A Trump Bump for Hong Kong’s Last Commercial Cantonese Opera Theater

HONG KONG — Three stories of billboards alongside the Sunbeam Theater in Hong Kong were filled with images of performers in heavily painted faces and ornate headdresses.

But one, with an overly long red tie and a cloud of shiny yellow hair, was not like the others. You may have seen him before — on Twitter, on television, in the pro wrestling ring or the Oval Office.

It was President Trump, or at least an actor playing him, and he had come to one medium that has thus far resisted his presence: Cantonese opera.

The operators of the Sunbeam Theater, Hong Kong’s last commercial Cantonese opera theater, produced a three-and-a-half-hour show about Mr. Trump and China, which had a brief, four-day run last month.

The opera tells a story of Mr. Trump’s long-lost twin, Chuan Pu, who was raised in China and works at a crematory. There he meets the undead corpse of Liu Shaoqi, the Chinese leader who died during the Cultural Revolution.

The opera includes a Ping-Pong game between Mao and Nixon, who later gets stumbling drunk at a state banquet; a visit to the White House by a scheming Kim Jong-un; the ghost of Lincoln; Mr. Trump’s disappearance on an extraterrestrial spacecraft; and multiple singings of “Edelweiss.”

“It’s crazy,” acknowledged the librettist, Li Kui-ming.

Mr. Li, 64, is a feng shui master who once worked as a screenwriter and began writing operas a decade ago. Seven years ago he took over the lease of the Sunbeam Theater, when it was in danger of being turned into a mall after a previous tenant could not afford a rent increase.

The theater was originally opened in 1972 by immigrants from mainland China.

Cantonese opera is one of the most popular versions of traditional Chinese opera, which combines acting, acrobatics, dance and singing in works set in the distant past performed with the accompaniment of a live orchestra.

In Hong Kong, fans and performers often lament that Cantonese opera no longer commands the audiences that it once did. But there is still significant public support.

A $345 million Chinese opera center opened in the West Kowloon Cultural District this year, with a 1,073-seat main theater and a smaller teahouse theater that serves dim sum during shows by up-and-coming performers.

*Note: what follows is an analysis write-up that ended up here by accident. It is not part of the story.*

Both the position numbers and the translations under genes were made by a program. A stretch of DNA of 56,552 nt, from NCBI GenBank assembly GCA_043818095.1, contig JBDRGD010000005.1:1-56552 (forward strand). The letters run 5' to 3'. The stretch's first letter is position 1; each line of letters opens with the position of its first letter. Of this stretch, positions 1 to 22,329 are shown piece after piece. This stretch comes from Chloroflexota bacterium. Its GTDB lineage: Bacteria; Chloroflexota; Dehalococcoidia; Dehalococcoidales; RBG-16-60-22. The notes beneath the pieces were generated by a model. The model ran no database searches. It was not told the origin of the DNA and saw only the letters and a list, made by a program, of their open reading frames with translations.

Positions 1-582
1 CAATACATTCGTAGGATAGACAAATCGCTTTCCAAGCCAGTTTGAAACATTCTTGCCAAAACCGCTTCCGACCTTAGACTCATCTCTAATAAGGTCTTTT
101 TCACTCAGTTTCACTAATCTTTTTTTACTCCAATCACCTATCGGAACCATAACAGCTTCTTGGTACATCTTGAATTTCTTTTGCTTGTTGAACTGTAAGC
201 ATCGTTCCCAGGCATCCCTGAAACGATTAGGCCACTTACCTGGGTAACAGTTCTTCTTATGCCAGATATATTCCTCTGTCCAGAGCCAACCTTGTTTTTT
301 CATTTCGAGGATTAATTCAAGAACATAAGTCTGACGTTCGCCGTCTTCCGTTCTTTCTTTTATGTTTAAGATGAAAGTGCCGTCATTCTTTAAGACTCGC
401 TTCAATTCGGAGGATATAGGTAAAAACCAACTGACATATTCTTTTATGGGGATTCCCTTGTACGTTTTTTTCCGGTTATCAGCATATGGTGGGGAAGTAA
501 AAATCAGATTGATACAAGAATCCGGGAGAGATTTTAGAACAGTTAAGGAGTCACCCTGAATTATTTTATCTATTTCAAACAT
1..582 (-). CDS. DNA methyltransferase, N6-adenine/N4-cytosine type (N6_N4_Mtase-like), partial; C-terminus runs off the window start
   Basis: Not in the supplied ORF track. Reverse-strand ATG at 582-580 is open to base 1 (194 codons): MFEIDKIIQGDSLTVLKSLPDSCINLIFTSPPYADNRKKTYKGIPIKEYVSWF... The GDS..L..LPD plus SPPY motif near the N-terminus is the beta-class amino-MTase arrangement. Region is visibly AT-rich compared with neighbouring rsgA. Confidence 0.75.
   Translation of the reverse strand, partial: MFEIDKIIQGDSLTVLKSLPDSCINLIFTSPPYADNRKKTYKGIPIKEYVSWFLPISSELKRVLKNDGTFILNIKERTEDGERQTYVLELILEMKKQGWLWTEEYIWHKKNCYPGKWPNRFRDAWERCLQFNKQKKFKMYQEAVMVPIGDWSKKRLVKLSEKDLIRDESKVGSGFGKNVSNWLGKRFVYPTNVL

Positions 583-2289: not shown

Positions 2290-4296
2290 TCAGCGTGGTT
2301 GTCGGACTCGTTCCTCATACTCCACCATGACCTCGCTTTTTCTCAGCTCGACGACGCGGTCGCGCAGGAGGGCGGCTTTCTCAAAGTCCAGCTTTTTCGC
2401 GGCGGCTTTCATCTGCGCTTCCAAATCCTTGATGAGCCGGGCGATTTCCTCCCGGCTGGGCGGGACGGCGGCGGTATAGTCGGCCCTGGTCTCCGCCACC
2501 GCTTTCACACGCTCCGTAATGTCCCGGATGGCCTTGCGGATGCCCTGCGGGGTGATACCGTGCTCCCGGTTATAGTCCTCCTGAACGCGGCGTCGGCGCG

Such government backing comes with a burden to steer clear of controversy, though.

“These venues are in fact very conservative,” said Chan Sau-yan, a music scholar and professor of cultural management in the Chinese University of Hong Kong.

“They wouldn’t allow anything like the Trump opera so the managers won’t get into trouble,” he said. “This could only happen in the Sunbeam Theater.”

The theater is a world away from the gleaming and airy new Chinese opera center. Refreshments are sold from vending machines and lines for the bathrooms snake down one of the aisles of the main theater, which also has a smaller space for screening movies.

Most of the shows presented take on the traditional realm of historic battles, lost loves and palace drama. But Mr. Li began to change things up, writing an opera about Mao Zedong that was first performed in 2016.

That work, which focused on Mao’s relationships with women, was criticized in Hong Kong for whitewashing the brutality of his rule. Similar complaints of glossing over Communist rule have dogged his Trump opera. Mr. Li said he left out some negative aspects out of his works because of a concern he would frighten the audience.

“I want them to be inside the story but not scared or afraid,” he said. “So I neglect some of the sensitive and controversial issues.”

The Trump opera is the second part of a series that began with the Mao work. Mr. Li said he saw obvious connections between the two men. Mr. Trump, he noted, is 72, the same age as Mao was at the start of the Cultural Revolution.

“This is the part where most old men will do some crazy things, at the age of 72,” he said. “Chairman Mao and Donald Trump, they are similar. They are arousing a revolution by neglecting the government and neglecting everybody and doing what they think.”

Cantonese operas focused on current events are rare, but there is some precedent. In the 1930s and ’40s, stories about modern political figures like Ghandi and Hitler emerged in an effort to appeal to new audiences.

“They had to innovate to stay alive,” Professor Chan said. “That was how Cantonese opera came to the revolution of using modern subject matters and especially political issues.”

Mr. Li said he sought a similar boost for the theater from his new work. “We get a lot of audience who have never seen Cantonese opera, but because of Trump they come,” he said.

Opening night began with offerings to Huaguang, the patron deity of Cantonese opera, at a shrine alongside the stage, and, at the theater’s entrance, a ceremonial presentation of a roast pig, incense and imitation gold ingots.

The audience included a mix of older, Cantonese opera die-hards and younger people who were out for a laugh.

Henry Chan, a 27-year-old financial analyst, said he had not seen a work of Cantonese opera since he went with his grandmother as a child. But he was intrigued by Mr. Trump.

“It’s a strange combination: Trump, Kim, Mao and Lincoln,” he said. “It’s a show that I had to go see.”

One reviewer for Stand News, a local online publication, called it the sort of “preposterous dream that could only appear in Hong Kong.”

Mr. Li got the Trump bump he hoped for, and the short opening run was sold out. Another run is planned for next year. Mr. Li hopes to one day bring the performance to the United States and dreams of a performance in the White House.

“One day I want to show the opera to the real Donald Trump and make him laugh,” he said.

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